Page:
Birdsong

English Title: Birdsong

Original Title: El cant dels ocells

Country of Origin: Spain

Studio: Andergraun Films, Capricci Films, Eddie Saeta, Televisió de Catalunya (TV3).

Director: Albert Serra

Producer(s): Luis Miñarro, Montse Triola

Screenplay: Albert Serra

Cinematographer: Jimmy Gimferrer, Neus Ollé-Soronellas

Art Director: Jimmy Gimferrer

Editor: Ángel Martín, Albert Serra

Runtime: 98 minutes

Genre: Experimental Documentary

Language: Spanish

Starring/Cast: Victòria Aragonés, Lluís Carbó, Mark Peranson, Lluís Serrat Batlle

Year: 2008

Volume: Spanish / Portuguese

Synopsis:
The three wise men are making their way to see the newborn Jesus Christ. However, they remain uncertain of which direction to travel, and encounter serious difficulties in the shape of a mountain and the hilly terrain that predominates during their journey. Christ has been born to Mary and Joseph, who remain isolated in a very small house and who concentrate on tending a young goat. The three wise men find their saviour and worship and lavish gifts upon him, before moving on to discuss their respective dreams whilst resting in a forest. They then resume their ongoing travels.    


Critique:
‘God hath chosen the foolish things of the world to confound the wise. And the weak things of the world to confound the things that are mighty.’ So runs the quote at the start of Roberto Rossellini’s Francesco giullare di Dio/Francis, God’s Jester (1950), which in many ways is a key precursor to Albert Serra’s Birdsong. As in Rossellini’s film, Serra treats his three wise men as holy fools, as sainted innocents. But importantly he takes them seriously as such, finding in their quest (a quest that defines the horizons of the narrative in having no clear beginning or ending) something of a metaphor for life itself: a protracted, ongoing journey characterized by overcoming successive quotidian struggles and obstacles rather than building carefully towards a clear-cut goal that somehow completes the picture and the life.     
This already implies the extent to which Serra strips away all the visual and narrative baggage typically associated with Christian religious stories and iconography. As he did with his previous work, Honour of the Knights (2006), the director takes a sacred text and pares it down to leave almost nothing beyond the absolute reality of figures in a landscape. Indeed, the whole film could be read as a documentary of the performance of a famous story, an amateur theatrical presentation that explores the marked preconceptions that such a tale carries with it and have come erroneously to define its ostensible reality. This is stressed most overtly in the numerous extended takes (there are only 81 shots in total, in a narrative whose duration runs to almost one hour and forty minutes) that simply depict the physically-infirm protagonists wandering through a parched, mountainous terrain and struggling to negotiate its hills and valleys. These aged and overweight characters, two of whom are played by the earlier film’s Don and Sancho Panza, appear to be cast into their grand adventure almost against their will, and certainly without their having any real knowledge of what they are undertaking or quite why they are undertaking it.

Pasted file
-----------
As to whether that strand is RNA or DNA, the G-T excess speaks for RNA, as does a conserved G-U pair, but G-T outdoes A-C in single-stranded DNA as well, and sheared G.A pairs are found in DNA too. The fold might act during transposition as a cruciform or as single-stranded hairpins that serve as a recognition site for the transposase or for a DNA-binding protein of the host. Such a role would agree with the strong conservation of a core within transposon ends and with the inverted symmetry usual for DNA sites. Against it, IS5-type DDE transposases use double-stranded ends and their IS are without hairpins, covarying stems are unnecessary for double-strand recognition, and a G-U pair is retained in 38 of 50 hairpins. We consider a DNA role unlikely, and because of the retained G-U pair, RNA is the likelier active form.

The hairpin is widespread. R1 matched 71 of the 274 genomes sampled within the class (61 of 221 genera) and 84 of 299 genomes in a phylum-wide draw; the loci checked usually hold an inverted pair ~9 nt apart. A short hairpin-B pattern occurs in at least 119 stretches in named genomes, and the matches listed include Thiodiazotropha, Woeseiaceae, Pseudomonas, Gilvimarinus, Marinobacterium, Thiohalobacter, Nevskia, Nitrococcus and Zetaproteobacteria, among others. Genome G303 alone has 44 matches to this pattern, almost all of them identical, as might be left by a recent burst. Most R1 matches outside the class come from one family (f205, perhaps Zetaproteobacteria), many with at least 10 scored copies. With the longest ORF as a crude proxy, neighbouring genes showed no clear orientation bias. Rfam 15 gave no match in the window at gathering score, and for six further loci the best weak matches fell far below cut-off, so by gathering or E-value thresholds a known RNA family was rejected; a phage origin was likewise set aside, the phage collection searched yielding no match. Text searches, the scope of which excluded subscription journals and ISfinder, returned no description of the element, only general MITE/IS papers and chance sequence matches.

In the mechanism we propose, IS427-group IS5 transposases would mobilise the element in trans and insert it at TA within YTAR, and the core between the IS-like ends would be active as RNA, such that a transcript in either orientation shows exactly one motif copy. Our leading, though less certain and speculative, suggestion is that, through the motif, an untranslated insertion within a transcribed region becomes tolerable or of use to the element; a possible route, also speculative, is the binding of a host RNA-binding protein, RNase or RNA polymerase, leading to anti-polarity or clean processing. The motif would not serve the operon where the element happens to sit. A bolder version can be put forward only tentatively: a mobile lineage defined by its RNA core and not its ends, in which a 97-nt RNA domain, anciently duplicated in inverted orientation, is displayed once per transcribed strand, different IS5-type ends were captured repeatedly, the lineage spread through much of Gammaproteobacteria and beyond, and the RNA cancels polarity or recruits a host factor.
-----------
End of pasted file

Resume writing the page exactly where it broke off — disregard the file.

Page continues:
In this, Serra goes further than Rossellini in stressing a marked physicality as a means, ultimately, of penetrating beyond the purely phenomenological. It is noticeable that, when the three wise men finally achieve their goal and find the newborn Jesus two-thirds of the way into the film, the composition stresses stillness and fixity, with one of the men merely lying prostrate before the infant and his parents, and his companions similarly immobile behind him. Serra singles this scene out with the only non-diegetic music in the whole film, and the effect is one of stressing the soul in flight at the precise moment when the body becomes static. It is a subtly-transcendental moment amid such contextual banality and domesticity: at once a most radical presentation of a canonical image and at the same time the most authentic in that the viewer is given complete freedom to project him or herself into the image (or not) and to make of it what they will.   
Working not only with the same actors but also the same key crew members, on locations found immediately prior to production using Google Earth (in fact Iceland and the South of France), Serra has one again fashioned a film whose extremes of art cinematic narration and methodology make it a potentially difficult experience. However, unlike other minimalist auteurs like Lisandro Alonso, there is a playful, humorous quality to Serra’s work that undercuts any portentousness or authorial self-aggrandizement. Affirmative comedic vitality comes as naturally to this director in this story as it did to Buñuel in Simón del desierto/Simon of the Desert (1965), and it confirms him among the most fascinating voices in modern world cinema.

Author of this review: Adam Bingham